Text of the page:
If you cut meat super thin (like beef for fajitas) a marinade may be able to work its way into the muscle fibers. If you poke it full of holes, then the marinade can seep into the vacant spaces and add flavor. But meats are already about 70 percent water, leaving little room for marinades. This means that no matter what double-secret mixture you dunk your chicken in, unless you alter it in a significant physical way, the best a marinade will do is transmit a little flavor to the meat’s surface.
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Plus, the acids in many soaks can degrade the flesh and cause mushiness. The moisture on the surface of the meat will also steam during cooking, and steam is the archenemy of crispiness. Sugary or oily marinades will trickle off the protein and onto the flames, causing flare-ups and charring.
And finally, you’ll be tempted to re-dunk your cooked food into the original marinade. In other words, the same marinade that had raw meat soaking in it. In other words, the very thought of it makes our sphincters clinch.
So screw marinades. Rubs are the rub! A dry rub — or even a hybrid rub/marinade called a wet rub — will transmit more tasty nuances than a marinade, and will cling better to the meat, reducing the risk of flare ups and delivering more punch on the plate. Here are four concoctions that’ll have you rubbing one out from now on.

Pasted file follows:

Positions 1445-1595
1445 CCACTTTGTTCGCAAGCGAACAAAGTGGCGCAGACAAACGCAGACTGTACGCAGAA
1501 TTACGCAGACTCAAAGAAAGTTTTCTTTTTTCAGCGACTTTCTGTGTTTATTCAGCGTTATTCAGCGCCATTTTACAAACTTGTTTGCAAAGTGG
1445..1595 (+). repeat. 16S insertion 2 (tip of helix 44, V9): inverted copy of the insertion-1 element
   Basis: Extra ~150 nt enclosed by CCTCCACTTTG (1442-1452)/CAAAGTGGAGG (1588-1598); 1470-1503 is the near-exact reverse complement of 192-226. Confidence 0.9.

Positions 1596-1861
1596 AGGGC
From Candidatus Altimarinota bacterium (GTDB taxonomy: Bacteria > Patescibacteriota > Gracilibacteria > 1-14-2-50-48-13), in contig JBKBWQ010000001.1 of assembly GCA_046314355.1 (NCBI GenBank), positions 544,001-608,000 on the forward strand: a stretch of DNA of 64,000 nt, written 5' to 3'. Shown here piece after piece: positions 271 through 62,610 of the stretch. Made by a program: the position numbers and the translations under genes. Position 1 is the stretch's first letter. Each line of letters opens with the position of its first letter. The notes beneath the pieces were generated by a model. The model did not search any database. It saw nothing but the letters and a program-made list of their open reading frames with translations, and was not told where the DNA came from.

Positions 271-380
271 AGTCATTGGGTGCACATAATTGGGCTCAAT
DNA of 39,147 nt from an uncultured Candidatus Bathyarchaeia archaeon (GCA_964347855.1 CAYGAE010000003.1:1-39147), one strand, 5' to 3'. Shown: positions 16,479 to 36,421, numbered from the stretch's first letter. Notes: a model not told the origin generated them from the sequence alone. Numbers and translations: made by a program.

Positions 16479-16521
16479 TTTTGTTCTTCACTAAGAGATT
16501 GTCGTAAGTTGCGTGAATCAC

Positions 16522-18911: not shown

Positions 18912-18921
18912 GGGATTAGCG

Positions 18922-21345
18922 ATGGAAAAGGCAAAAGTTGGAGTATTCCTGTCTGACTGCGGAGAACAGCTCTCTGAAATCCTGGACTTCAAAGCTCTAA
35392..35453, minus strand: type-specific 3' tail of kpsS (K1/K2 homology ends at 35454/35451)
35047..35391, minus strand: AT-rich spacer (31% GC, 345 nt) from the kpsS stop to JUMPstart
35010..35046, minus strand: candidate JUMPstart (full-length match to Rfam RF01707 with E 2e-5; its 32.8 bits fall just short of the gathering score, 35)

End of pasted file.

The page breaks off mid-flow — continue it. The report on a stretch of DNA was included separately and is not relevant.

BASIC BBQ RUB
This is what guys named Tallahassee Lou rub on ribs before smoking them for 30 straight hours. The basic rub is a broad-spectrum flavor enhancer that goes great on chicken, pork, beef, or even in a little pot of beans if you have one. The basic recipe here cries out for you to add a signature seasoning. Our suggestions include a dash of unsweetened cocoa, grated garlic, a spoonful of wasabi, or a shot of bourbon or smoky mescal.
Add to taste, but in small amounts:
Another nice thing about rubs is that they last as long as the spices within them. You can make the basic rub in whatever quantity you wish, then keep it in an airtight container for later use.